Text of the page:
Public health experts reacted with dismay to a federal judge’s ruling on Monday that struck down a mask requirement for plane, bus and train passengers, expressing concern that the case would set a precedent that erodes the authority of public health agencies and hampers their ability to respond to health emergencies.
The Florida judge’s ruling was issued less than a week after the Centers for Disease Control and Prevention had extended its mask order through May 3. The ruling also came in the middle of a school vacation that coincides with several major religious holidays, when many families are traveling to see relatives, some for the first time in two years.
Many airplane passengers flung their masks off and cheered when pilots made announcements saying that the rule was no longer in effect. Others who have disabilities, are immunocompromised or were traveling with children too young to be vaccinated were caught off-guard and distressed that the rules were changed literally mid-flight.
“If this ruling stands, it could put the American public at great risk,” said Dr. Richard Besser, president and chief executive of the Robert Wood Johnson Foundation and a former acting director of the CDC. He added that his concerns were less to do with the immediate consequences for mask mandates than with “the implications for future crises, of the ability to put in place simple public health measures to keep people safe.”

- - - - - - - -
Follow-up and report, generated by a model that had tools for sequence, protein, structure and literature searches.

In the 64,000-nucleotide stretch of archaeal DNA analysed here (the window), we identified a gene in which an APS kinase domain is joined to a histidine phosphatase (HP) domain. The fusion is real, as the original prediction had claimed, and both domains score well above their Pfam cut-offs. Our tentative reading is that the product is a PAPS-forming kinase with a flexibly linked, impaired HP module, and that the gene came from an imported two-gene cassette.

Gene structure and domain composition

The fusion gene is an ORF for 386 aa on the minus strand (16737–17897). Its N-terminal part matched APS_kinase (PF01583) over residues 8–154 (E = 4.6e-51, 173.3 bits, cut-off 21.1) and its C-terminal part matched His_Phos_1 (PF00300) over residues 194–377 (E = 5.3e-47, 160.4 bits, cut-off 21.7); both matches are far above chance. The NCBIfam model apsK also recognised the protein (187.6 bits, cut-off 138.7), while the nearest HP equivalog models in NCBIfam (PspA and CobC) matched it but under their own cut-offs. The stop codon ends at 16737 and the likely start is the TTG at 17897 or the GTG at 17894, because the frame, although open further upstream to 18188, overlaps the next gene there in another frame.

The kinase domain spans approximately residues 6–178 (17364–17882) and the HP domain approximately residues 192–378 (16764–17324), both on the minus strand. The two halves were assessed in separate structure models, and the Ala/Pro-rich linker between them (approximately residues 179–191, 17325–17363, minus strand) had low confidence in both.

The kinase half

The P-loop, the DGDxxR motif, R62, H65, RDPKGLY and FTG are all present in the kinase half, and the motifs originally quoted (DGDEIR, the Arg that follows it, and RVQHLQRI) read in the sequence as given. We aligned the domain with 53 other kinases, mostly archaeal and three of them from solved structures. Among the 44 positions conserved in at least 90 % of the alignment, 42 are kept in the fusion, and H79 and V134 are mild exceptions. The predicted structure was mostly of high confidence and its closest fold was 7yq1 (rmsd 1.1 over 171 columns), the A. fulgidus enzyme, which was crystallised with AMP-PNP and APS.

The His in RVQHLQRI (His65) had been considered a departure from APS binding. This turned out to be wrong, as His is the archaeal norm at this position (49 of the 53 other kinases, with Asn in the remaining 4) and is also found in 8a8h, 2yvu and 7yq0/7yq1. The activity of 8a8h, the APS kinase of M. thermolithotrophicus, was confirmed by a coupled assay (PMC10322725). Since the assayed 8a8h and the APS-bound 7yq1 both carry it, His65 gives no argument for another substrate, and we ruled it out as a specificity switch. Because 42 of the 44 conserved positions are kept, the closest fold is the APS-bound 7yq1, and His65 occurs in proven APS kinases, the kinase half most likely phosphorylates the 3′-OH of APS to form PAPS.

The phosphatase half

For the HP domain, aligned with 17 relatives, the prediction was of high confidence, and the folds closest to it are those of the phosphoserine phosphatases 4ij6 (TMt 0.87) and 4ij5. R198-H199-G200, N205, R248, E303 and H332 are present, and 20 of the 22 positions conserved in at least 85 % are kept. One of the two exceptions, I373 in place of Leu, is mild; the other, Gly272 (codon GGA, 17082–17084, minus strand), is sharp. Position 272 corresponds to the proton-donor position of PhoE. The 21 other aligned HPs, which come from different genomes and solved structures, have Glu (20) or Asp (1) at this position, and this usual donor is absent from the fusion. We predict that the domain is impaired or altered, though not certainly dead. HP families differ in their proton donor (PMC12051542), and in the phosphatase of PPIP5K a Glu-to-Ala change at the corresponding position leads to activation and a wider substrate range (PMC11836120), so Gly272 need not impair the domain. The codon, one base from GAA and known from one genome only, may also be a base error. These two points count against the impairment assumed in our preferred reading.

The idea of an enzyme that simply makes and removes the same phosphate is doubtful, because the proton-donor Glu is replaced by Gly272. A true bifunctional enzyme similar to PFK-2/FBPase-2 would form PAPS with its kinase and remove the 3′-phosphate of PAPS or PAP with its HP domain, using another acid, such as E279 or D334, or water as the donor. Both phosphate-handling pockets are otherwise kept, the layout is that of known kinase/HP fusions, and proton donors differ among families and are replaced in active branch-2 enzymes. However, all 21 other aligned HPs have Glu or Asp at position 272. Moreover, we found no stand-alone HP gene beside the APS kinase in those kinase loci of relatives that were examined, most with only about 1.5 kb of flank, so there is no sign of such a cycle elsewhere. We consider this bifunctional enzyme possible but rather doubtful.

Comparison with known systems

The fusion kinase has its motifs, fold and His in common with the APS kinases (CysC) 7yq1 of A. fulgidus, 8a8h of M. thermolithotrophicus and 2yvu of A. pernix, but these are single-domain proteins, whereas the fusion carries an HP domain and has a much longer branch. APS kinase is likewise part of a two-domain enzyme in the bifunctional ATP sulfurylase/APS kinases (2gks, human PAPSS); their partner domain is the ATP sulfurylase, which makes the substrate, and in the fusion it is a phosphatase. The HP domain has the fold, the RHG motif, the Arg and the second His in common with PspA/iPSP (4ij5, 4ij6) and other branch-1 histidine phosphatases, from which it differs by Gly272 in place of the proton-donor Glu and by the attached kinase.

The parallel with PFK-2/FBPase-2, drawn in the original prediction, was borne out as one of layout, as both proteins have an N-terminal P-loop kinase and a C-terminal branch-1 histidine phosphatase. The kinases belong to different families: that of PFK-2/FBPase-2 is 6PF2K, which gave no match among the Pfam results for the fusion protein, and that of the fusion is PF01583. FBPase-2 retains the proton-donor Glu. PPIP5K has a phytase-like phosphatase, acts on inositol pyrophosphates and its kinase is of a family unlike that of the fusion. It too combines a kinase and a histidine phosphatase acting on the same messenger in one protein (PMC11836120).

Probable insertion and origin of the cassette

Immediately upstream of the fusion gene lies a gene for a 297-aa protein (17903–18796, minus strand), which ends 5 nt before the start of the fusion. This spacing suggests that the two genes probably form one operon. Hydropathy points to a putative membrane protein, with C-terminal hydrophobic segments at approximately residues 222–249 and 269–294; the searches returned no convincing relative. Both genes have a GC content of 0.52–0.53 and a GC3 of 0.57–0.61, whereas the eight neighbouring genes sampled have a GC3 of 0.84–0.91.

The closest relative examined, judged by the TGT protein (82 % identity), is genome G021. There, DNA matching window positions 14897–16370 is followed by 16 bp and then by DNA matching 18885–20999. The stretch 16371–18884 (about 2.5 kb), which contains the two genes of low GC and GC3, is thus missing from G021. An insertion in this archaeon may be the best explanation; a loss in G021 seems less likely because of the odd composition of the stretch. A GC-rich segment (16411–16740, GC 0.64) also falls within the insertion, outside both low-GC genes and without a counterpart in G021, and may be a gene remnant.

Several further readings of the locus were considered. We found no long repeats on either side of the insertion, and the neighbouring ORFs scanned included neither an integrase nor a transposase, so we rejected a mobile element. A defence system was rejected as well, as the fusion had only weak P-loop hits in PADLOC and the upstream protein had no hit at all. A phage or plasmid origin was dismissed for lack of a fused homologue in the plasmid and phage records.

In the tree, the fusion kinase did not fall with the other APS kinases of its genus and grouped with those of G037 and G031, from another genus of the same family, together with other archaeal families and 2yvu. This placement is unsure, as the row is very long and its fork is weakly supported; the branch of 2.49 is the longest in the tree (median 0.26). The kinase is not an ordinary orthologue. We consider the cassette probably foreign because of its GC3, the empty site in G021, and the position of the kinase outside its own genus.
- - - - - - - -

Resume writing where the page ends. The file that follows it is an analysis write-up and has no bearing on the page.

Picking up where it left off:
Dr. Lakshmi Ganapathi, who teaches pediatrics at Harvard Medical School, pointed out that the ruling coincides with a recent rise in COVID cases nationally, driven by a rise in cases on the East Coast.
“I think it’s extremely shortsighted and, if I were impolite would say, kind of stupid,” Ganapathi said. “This ruling is ill-timed, and it’s not commensurate with public health principles.”
She noted that low booster rates among seniors and other vulnerable groups, including low-income people who rely heavily on buses and trains for transportation, make them susceptible to infection, and there is still no vaccine for very young children. Banking on immunity from previous infections and vaccinations for protection may be overly optimistic, as emerging new variants could evade immunity, she said.
Moreover, the widespread use of home testing kits, the results of which go unreported, means that official case counts do not reflect the true number of new cases. A rise in hospitalizations is not a reliable or timely indicator of severity either, Ganapathi said, since hospitalizations rise several weeks after cases begin to increase. “Once hospitalizations start rising, it’s baked in — you haven’t done anything to stop it,” she said. “And a proportion of those hospitalized will die.”
The CDC issued an order in January 2021 requiring people to wear masks while using indoor public transportation and when inside transportation hubs, like airports and bus and train stations. In a statement released Tuesday, the agency said that as a result of the court ruling Monday, the order was no longer in effect and would not be enforced, although the agency still recommended masks inside public transportation settings.
Supporters of masks have started an online petition urging major airlines to designate some flights as mask-required in order to give customers a choice.